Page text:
Take, for example, reporting on the massive gathering of people honoring the influential Grand Ayatollah Hussein-Ali Montazeri upon his death just last week. The opposition, we were told, of whom Montazeri was a leader, effectively took over the rally and was able to turn it into a massive anti-regime protest. Evidence for this was given in the form of amateur videos apparently from cell phones posted to opposition websites showing close-up shots of protesters shouting anti-regime slogans and holding up anti-regime banners.
Wider video shots of the actual funeral march, however, showed only an enormous crowd solemnly and respectfully marching along with the casket, holding up only photos of the cleric, not anti-regime banners. (The London Times, a leading outlet for anti-Iran propaganda, acknowledges that, with no journalists in the country due to restrictions on foreign media operations, much of its reporting comes from anti-regime elements, but insists that its sources are trustworthy, essentially a “just trust us” assertion that depends upon the questionable trustworthiness of the Times itself as a source for news on Iran.)
“Under such domestic pressure, Mr. Ahmadinejad reneged”, claims Kuperman, and then “threatened to enrich uranium domestically to the 20 percent level.” Notice how remarks from Iranian leaders that Iran would do what it has an “inalienable” right to do as a party to the NPT is characterized by the verb “threatened”.
The underlying and familiar assumption is that the rules are set by Washington, not by treaties comprising the body of international law. A dubious enough assumption, but unquestionable in the mainstream.
Iran’s “rejection” of the proposal shows that it “cannot make even temporary concessions on its bomb program”, and therefore, “Since peaceful carrots and sticks cannot work,” – (more the stick than the carrot) – “and an invasion would be foolhardy, the United States faces a stark choice: military air strikes against Iran’s nuclear facilities or acquiescence to Iran’s acquisition of nuclear weapons.”
There are numerous and obvious other options: to assume that evidence should be required of an Iranian nuclear program rather than establishing confrontational and aggressive policies based on the assumption that this is so; to cease from violating international law with threats of military aggression; to cease from deliberately isolating and provoking Iran and instead meaningfully engaging the country in a dialogue that actually recognizes Iran’s rights under the NPT; to live up to the additional obligation under the NPT for the U.S. and other nuclear-armed countries to provide member nations with nuclear technology for peaceful purposes, etc.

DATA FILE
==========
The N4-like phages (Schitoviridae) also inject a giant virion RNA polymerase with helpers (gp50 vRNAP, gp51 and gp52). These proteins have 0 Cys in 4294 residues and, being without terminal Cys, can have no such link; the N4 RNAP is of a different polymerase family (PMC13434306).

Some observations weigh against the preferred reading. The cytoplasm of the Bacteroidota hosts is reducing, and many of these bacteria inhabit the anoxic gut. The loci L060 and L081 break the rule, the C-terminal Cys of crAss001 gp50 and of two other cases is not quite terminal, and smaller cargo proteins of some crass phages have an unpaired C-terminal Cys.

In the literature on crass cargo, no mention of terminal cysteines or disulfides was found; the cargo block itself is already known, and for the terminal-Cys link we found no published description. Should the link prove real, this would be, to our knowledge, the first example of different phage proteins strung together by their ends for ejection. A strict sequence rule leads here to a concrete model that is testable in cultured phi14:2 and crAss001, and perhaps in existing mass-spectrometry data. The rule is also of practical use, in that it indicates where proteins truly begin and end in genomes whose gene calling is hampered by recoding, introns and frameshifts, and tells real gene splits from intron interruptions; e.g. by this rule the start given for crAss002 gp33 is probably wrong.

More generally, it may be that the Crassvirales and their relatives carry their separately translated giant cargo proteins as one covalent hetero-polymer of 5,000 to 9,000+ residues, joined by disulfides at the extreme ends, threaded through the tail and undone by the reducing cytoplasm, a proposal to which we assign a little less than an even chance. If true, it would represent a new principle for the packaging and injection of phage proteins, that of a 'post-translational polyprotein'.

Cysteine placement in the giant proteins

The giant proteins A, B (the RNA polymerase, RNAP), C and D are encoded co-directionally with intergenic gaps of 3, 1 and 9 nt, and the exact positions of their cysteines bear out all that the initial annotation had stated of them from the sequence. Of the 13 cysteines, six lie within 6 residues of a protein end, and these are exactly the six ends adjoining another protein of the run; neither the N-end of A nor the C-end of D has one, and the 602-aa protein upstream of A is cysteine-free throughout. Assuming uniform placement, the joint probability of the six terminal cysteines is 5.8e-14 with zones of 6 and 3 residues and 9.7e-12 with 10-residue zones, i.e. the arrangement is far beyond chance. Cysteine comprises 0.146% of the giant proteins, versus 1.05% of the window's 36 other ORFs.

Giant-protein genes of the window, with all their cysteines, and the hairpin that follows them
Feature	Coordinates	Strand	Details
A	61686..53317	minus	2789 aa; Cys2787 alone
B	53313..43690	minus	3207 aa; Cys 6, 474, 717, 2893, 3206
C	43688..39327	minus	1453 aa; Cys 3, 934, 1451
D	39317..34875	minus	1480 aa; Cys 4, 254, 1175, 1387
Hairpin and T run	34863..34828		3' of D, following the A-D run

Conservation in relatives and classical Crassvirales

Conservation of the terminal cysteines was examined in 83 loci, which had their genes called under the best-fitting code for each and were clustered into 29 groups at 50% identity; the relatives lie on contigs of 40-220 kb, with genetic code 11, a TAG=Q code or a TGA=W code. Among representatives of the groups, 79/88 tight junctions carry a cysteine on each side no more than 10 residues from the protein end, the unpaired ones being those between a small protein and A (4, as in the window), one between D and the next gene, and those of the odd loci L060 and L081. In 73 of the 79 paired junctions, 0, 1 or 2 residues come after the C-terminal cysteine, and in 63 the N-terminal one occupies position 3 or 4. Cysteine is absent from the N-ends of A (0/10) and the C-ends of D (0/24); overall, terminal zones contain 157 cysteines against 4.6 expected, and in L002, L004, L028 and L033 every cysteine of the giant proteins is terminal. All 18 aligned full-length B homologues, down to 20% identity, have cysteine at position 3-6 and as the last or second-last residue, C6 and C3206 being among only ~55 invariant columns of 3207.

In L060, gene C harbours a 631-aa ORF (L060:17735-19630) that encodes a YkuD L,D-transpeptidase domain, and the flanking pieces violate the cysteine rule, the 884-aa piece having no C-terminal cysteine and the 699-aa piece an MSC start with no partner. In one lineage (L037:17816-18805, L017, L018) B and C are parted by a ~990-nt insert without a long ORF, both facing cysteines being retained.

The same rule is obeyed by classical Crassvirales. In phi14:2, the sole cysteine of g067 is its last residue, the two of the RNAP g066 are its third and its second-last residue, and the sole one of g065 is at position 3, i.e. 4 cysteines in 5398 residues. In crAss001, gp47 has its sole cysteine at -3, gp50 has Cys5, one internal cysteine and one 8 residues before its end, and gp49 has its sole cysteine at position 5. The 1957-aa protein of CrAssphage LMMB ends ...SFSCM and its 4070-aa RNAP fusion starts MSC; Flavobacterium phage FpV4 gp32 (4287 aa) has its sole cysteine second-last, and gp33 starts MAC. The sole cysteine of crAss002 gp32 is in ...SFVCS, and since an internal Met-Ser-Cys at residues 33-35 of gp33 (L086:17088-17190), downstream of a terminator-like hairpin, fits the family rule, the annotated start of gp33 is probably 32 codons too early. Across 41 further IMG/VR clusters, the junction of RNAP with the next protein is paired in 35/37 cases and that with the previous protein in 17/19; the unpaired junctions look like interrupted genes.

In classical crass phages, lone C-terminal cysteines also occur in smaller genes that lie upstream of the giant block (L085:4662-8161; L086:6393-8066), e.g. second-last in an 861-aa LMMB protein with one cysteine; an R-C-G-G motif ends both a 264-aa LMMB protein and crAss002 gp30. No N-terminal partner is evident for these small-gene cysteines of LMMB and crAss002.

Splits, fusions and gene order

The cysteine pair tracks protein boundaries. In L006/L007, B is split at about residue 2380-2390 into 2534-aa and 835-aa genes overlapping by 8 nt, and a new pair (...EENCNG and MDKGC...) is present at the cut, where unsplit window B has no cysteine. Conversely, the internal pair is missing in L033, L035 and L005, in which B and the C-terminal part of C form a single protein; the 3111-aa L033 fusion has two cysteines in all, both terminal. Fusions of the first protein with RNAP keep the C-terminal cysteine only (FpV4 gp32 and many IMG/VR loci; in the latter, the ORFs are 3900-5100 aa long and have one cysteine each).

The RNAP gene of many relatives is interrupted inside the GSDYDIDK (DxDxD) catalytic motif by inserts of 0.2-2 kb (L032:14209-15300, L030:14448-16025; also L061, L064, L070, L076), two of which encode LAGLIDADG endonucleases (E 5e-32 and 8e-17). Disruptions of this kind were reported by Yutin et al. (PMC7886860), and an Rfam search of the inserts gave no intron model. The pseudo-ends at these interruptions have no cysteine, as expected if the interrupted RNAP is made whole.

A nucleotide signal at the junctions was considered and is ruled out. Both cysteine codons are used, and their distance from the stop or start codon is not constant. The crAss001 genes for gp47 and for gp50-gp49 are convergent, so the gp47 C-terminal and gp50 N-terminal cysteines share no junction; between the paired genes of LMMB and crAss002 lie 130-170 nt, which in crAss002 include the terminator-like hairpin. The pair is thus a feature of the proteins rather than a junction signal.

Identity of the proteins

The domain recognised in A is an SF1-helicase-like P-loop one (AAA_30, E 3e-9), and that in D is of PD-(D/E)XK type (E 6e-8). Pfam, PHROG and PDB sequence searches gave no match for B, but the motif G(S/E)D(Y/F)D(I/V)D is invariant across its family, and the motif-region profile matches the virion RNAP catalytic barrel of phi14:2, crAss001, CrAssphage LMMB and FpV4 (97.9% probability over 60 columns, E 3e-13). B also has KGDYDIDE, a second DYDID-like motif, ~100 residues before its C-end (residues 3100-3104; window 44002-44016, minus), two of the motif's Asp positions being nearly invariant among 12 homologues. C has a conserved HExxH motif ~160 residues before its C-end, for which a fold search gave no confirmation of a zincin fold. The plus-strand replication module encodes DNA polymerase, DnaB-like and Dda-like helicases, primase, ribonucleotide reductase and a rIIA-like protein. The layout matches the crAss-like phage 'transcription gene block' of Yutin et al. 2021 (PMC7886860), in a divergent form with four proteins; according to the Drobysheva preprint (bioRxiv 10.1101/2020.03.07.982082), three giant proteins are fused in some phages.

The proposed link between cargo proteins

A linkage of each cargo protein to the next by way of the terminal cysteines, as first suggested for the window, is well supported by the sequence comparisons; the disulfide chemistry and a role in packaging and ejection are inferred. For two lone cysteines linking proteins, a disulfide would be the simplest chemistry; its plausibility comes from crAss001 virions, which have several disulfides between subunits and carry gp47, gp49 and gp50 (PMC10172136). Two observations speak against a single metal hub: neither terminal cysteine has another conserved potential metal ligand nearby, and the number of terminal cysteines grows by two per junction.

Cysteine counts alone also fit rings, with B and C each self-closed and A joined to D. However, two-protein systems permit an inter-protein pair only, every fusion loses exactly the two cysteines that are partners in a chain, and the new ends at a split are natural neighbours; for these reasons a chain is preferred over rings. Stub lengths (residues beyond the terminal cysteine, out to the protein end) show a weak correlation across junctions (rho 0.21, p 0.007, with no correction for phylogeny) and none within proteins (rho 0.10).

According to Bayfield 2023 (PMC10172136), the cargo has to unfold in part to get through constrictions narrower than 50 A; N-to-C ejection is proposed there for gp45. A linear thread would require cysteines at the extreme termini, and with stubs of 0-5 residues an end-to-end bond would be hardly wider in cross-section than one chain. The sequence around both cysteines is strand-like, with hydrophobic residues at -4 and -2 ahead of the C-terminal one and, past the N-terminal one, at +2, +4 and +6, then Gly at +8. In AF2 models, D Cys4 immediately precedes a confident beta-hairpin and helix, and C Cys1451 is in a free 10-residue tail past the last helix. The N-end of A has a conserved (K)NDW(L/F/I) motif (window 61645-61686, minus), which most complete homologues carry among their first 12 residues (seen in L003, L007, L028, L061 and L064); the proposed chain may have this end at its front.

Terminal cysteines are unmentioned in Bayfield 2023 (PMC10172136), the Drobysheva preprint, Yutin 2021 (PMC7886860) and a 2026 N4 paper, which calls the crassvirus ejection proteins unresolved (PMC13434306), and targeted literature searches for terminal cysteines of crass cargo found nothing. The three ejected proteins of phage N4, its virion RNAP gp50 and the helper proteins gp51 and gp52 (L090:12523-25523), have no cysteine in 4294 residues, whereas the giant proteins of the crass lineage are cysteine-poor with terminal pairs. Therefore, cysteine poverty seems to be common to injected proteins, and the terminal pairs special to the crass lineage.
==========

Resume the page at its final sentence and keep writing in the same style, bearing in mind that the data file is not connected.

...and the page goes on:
But it is simply inconceivable that mainstream sources like the Times would actually find “fit to print” such elementary alternatives.
Without reading further, the conclusion Kuperman would like his readers to draw (and here the headline, “There’s Only One Way to Stop Iran,” is relevant) is clear: obviously, we cannot acquiesce to Iran acquiring nuclear weapons; therefore, the only logical choice is to bomb Iran.
To underscore the unacceptability of Iran obtaining the bomb, Kuperman employs a theme that should not be unfamiliar to Americans: “If Iran acquired a nuclear arsenal,” he writes, “the risks would simply be too great that it could become a neighborhood bully or provide terrorists with the ultimate weapon.”
He draws just short of saying that if we don’t bomb Iran, the consequences could come “in the form of a mushroom cloud,” the familiar official refrain prior to the invasion of Iraq – which had no nuclear program at all, much less a weaponized one (Kuperman states further in the article that this fact “eluded American intelligence until after the 2003 invasion.” U.S. intelligence analysts, we are apparently supposed to believe, never bothered themselves to read IAEA reports noting that the agency had completely dismantled Iraq’s nuclear program by the mid-90s).
And so we must bomb Iran. Now, “admittedly, aerial bombing might not work.” It could “backfire” by “undermining Iran’s political opposition, accelerating the bomb program or provoking retaliation against American forces and allies in the region.”
All three are credible consequences widely predicted among analysts. Iran may not have a nuclear weapons program now, but if it is bombed, the likelihood that it would withdraw from the NPT, move its nuclear weapons program underground, and begin work towards obtaining a nuclear deterrent to further such attacks would be increased in no inconsiderable measure.
Again, Iraq provides a useful lesson. It was a direct consequence of Israel’s bombing of Iraq’s Osirak reactor in 1981, according to the U.S.’s own intelligence assessments, that prompted Saddam Hussein to begin pursuing his nuclear program clandestinely and also to begin his pursuit to obtain nuclear weapons.
Kuperman actually mentions the Israeli attack on Iraq’s Osirak reactor to support his assertion that bombing Iran – the very thing he advocates – might actually result in Iran “accelerating” efforts to acquire a nuclear weapon, but he obscures the obvious lesson to be had from it by suggesting an opposite and much more dubious conclusion: that the bombing slowed down, rather than accelerated, Saddam’s efforts to obtain the bomb.
In other words, bombing Iran might predictably and admittedly result in the very thing the bombing would ostensibly be aimed at preventing. The obvious corollary is that the bombing would not really be carried out in order to prevent that end.
Again, further lessons from Iraq are instructive. Consider that the war ostensibly fought to make the world safer from WMD and to fight terrorism resulted in the single most probable situation, had Iraq actually had WMD, Saddam Hussein would have provided them to terrorists. Again, that was the assessment of the U.S. intelligence community prior to the invasion.